Happiness, Thermometers, and Lies, Lies, Lies
There is a regulation in Toronto that apartment buildings must be kept at 20 degrees Celsius (68 degrees Fahrenheit for the metric impaired). It is honestly quite amazing just how successful they are at maintaining this temperature in our building. Check the thermometer in the morning: 68 degrees. Check the thermometer before bed: 68 degrees. Check the thermometer at lunch: 68 degrees. It never changes.
And yet, there are days when I am sitting there with three layers: t-shirt, long-sleeve shirt, and pullover, and I am still freezing to death and considering that maybe I need to grab yet another layer. Maybe a parka would fix things. Did the heater bust? Check the thermometer: 68 degrees. Well, what the blurgh?!
I learned in the process of teaching physics that the human body is an incredibly bad thermometer. In fact, the human body has no capacity whatsoever to sense temperature, at least from a conscious, neurological perspective. When you feel that it’s hot, you’re not detecting the temperature; you’re actually detecting the movement of heat energy through your skin. When you feel cold, there’s a lot of heat energy moving out through your skin. When warm, there’s a small amount moving out. When it’s unbearably hot, you’re actually detecting heat energy moving into the body.
This little science lesson to say: the thermometer can be a liar, liar, pants on fire. Or at least, it can feel that way. Temperature is only one factor of how heat energy moves in or out of the body, so a thermometer might not actually tell you what you think it’s telling you.
Which just ties right back to what I was pondering last week. Happiness can kind of be like a thermometer for the spiritual life. It can be a sort of indicator of how we’re doing, but the object isn’t to make the thermometer read some ideal mark just like the object isn’t to make ourselves happy. It’s just a general indicator. It could be giving out information that doesn’t reflect what we think.
In fact, it could be telling us something way off the mark. You could very well feel like it’s a big, fat liar.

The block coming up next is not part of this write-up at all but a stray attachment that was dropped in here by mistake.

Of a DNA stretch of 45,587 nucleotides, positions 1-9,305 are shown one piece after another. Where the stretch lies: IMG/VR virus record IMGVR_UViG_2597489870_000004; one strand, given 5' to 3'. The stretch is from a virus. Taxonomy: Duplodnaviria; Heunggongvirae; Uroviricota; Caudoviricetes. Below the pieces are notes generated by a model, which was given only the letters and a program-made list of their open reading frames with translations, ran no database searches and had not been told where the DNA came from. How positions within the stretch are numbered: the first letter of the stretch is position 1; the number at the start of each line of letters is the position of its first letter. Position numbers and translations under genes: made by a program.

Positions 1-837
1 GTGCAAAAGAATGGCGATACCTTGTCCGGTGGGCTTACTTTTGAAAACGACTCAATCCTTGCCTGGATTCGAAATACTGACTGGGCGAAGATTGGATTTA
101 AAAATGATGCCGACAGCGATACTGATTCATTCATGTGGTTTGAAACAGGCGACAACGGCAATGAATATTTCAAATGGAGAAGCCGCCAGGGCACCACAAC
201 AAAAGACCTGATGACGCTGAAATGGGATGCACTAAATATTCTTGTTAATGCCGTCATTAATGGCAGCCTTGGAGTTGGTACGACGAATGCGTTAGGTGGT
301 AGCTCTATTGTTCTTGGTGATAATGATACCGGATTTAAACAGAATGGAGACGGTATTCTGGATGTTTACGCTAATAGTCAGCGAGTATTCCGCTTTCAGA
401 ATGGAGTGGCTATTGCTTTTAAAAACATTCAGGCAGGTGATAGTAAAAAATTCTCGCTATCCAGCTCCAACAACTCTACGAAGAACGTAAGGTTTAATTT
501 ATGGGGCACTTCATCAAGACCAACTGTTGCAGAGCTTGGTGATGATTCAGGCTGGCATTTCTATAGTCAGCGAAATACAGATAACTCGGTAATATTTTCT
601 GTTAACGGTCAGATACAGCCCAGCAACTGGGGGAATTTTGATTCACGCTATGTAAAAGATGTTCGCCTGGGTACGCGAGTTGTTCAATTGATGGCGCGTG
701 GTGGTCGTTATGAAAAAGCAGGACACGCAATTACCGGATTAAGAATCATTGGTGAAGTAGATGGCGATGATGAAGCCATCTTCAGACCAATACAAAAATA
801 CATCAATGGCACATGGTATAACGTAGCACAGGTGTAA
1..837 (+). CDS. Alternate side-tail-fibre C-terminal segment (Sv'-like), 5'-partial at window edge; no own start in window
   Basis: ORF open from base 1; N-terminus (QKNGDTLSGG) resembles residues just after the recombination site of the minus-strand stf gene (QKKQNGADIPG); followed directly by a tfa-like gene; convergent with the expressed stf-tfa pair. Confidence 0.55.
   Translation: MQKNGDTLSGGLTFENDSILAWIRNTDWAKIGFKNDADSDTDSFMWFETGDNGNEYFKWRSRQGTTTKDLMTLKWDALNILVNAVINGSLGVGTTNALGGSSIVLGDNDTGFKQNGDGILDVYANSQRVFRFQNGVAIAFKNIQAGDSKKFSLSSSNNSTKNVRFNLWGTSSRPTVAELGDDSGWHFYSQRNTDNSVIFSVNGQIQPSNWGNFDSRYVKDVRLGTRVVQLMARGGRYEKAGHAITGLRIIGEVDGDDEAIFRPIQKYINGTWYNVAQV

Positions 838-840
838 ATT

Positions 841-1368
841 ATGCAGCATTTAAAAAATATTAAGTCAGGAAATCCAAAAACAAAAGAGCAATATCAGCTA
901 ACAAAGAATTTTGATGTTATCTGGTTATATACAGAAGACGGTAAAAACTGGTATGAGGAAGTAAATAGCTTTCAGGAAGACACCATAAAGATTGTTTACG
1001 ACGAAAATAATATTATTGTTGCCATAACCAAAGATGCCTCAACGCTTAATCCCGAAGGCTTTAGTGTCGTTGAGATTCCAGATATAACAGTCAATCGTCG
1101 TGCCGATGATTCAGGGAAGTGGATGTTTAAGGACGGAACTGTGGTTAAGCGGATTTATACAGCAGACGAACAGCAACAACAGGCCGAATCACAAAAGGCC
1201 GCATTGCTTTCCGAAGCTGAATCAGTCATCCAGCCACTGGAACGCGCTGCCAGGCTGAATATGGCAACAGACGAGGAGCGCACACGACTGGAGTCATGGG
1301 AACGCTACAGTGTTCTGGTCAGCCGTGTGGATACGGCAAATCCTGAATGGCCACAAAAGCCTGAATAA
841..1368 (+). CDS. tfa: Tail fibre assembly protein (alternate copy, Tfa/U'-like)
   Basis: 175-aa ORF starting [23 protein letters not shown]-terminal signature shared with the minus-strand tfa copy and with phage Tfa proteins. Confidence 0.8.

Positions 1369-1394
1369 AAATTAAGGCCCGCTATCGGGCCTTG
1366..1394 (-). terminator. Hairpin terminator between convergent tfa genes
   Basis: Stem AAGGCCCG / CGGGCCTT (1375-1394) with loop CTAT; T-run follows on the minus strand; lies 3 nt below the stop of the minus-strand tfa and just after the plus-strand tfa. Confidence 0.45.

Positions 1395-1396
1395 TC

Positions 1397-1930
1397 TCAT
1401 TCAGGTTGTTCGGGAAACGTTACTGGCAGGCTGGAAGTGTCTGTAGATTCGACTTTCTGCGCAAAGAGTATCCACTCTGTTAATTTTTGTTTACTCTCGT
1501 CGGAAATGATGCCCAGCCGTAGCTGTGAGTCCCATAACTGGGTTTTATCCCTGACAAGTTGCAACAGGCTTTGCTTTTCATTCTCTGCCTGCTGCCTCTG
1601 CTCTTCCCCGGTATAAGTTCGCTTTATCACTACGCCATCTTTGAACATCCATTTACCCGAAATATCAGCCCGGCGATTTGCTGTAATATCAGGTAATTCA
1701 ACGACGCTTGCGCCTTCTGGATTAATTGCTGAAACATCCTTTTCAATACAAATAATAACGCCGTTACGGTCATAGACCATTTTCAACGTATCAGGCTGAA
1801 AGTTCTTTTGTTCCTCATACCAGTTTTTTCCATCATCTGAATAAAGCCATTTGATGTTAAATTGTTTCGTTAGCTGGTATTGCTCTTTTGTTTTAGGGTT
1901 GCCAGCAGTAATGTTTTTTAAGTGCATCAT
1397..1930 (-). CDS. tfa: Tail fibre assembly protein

Just like the thermometer might be indicating that it’s “warm” while we’re freezing our patooties off, our being happy might be indicating that we’re just fine while, really, we’re pretty messed up. What makes us happy is far from the only ingredient for the spiritual life just like temperature isn’t the only ingredient for how warm or cold we’re feeling.
Happiness is an indicator, but it’s far from foolproof. In our consumer-minded, happiness-obsessed culture (at last check, a book search on Amazon for anything with “happiness” in the title brought up 16,323 results! Even Christian Book Distributors carries 251 such titles.), it can be easy to get sidetracked and start trying to cultivate happiness rather than sanctification and holiness (Lord knows I do…). And as I mentioned before, it’s not completely wrong. Scripture talks about joy and happiness, but they’re more rewards than goals. Like Jesus said, seek the Kingdom first. Doesn’t mean you give up on happiness. It just needs to be secondary.
In the end, maybe I’m writing this more for myself than for anybody else. Like I said, I know I end up getting manipulated a little bit by the culture into chasing happiness rather than God or virtue or the Kingdom. I don’t want to stop (what? Like chasing misery is a positive?), but a reminder of happiness’ connecting with how God and our lives actually work is probably a good one now and then.